The Influence of the BY.O. Case

The BY.O case is the first foreign-related case in Mainland China dealing with the validity of a non-binding arbitration agreement. Despite the aforementioned questions on the courts’ analyses, the judgment clearly shows a supportive attitude toward foreign-related arbitration cases. Of note, this case was decided by Shanghai Pudong New Area People’s Court at a time when Shanghai, with the Central Government’s support, is accelerating its development as a global arbitration center in the Asia-Pacific region for, inter alia, the “Belt and Road” Initiative. (See also previous blog on the Shanghai Pilot FTZ.) In this context, the BY.O. case not only highlights Shanghai Pudong New Area People’s Court as being “arbitration-friendly,” but also features the involvement of a “Belt and Road” arbitration institution, SIAC. (On November 7, 2019, over 40 arbitration institutions, including SIAC, signed the Beijing Joint Declaration of the “Belt and Road” Arbitration Institutions.)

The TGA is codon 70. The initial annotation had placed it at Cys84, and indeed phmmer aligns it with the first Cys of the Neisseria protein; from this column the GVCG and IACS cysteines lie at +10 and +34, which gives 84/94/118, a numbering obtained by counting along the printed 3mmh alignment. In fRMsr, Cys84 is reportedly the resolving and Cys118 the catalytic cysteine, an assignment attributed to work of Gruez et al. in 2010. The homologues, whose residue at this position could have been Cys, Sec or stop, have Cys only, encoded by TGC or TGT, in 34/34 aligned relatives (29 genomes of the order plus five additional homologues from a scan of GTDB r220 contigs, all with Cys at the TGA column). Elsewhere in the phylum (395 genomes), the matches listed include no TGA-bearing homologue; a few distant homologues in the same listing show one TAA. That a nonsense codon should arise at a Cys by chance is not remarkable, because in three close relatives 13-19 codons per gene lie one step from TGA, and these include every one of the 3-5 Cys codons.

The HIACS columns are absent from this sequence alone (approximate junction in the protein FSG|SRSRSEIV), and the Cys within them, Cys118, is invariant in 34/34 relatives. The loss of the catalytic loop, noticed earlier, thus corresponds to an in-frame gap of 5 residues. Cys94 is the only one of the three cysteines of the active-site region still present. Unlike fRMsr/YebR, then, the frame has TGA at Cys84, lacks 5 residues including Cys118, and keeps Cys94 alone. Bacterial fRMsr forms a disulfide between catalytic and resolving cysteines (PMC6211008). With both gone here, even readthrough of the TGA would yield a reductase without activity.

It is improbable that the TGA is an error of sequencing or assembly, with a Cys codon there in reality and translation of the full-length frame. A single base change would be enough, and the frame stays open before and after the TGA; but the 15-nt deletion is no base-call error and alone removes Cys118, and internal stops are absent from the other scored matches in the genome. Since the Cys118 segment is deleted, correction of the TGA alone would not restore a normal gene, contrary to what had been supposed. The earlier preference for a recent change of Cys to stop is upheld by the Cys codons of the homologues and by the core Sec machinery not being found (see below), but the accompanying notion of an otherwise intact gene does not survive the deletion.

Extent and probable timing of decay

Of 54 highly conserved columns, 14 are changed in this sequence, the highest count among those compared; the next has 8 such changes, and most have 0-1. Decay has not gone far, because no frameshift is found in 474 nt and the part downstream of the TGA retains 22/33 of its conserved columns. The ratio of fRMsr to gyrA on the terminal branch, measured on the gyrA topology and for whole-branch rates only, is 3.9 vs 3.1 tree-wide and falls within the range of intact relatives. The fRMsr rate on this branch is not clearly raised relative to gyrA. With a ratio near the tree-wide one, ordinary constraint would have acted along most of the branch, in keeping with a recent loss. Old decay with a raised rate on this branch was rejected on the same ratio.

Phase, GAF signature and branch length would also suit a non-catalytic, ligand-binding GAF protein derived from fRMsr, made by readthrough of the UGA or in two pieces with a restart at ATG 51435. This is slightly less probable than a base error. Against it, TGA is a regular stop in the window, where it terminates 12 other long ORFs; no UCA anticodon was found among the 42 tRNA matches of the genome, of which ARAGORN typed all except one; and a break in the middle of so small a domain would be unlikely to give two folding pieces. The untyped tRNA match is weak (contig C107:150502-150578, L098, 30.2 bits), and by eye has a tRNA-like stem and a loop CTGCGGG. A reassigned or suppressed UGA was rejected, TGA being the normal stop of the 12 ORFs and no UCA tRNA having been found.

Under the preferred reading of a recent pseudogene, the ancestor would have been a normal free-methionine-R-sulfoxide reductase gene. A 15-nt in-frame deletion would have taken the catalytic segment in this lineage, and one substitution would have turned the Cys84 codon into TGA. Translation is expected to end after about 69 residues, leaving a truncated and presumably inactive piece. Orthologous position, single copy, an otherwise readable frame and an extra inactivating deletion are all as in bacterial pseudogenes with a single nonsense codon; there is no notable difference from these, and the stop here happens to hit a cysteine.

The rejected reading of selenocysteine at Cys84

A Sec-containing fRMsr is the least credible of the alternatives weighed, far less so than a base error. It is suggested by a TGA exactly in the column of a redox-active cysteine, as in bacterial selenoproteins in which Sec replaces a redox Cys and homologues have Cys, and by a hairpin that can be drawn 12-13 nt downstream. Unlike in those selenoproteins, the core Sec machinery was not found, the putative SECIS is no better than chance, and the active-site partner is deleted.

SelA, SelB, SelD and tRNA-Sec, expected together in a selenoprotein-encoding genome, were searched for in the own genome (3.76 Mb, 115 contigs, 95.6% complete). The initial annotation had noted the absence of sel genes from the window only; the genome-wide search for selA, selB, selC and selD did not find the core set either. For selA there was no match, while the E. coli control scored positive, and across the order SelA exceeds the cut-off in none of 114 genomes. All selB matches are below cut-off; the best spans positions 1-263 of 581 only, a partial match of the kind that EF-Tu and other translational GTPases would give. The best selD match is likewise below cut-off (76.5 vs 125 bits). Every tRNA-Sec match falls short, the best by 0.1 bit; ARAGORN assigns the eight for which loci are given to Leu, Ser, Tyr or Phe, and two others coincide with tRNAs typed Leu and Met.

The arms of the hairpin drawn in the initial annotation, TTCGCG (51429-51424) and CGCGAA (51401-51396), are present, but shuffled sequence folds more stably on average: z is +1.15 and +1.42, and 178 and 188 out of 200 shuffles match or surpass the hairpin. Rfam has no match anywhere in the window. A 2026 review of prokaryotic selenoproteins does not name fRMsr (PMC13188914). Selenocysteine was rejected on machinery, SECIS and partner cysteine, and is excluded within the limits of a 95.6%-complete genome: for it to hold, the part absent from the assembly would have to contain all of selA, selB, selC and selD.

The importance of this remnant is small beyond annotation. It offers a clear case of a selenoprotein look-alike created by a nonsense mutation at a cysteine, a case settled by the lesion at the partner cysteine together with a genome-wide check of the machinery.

This case is significant particularly because it is published on the Gazette of the Supreme People’s Court. While the BY.O case should have considerable influence on future “foreign-related” cases at a minimum, cases technically do not serve as precedent in Mainland China unless published by the Supreme People’s Court according to the Provisions of the Supreme People’s Court Concerning Work on Case Guidance. It is also noted that the validity of non-binding arbitration agreements has not been particularly addressed by the Draft Amendments to the PRC Arbitration Law. As such, the saga of non-binding arbitration agreements may continue and, thus, it is still safer to avoid a non-binding arbitration agreement in a contract subject to PRC Arbitration Law.


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References

References
1 In the PRC legal system, foreign-related cases are treated differently on certain issues. Even when the applicable law is the same, they may be affected by different policy concerns.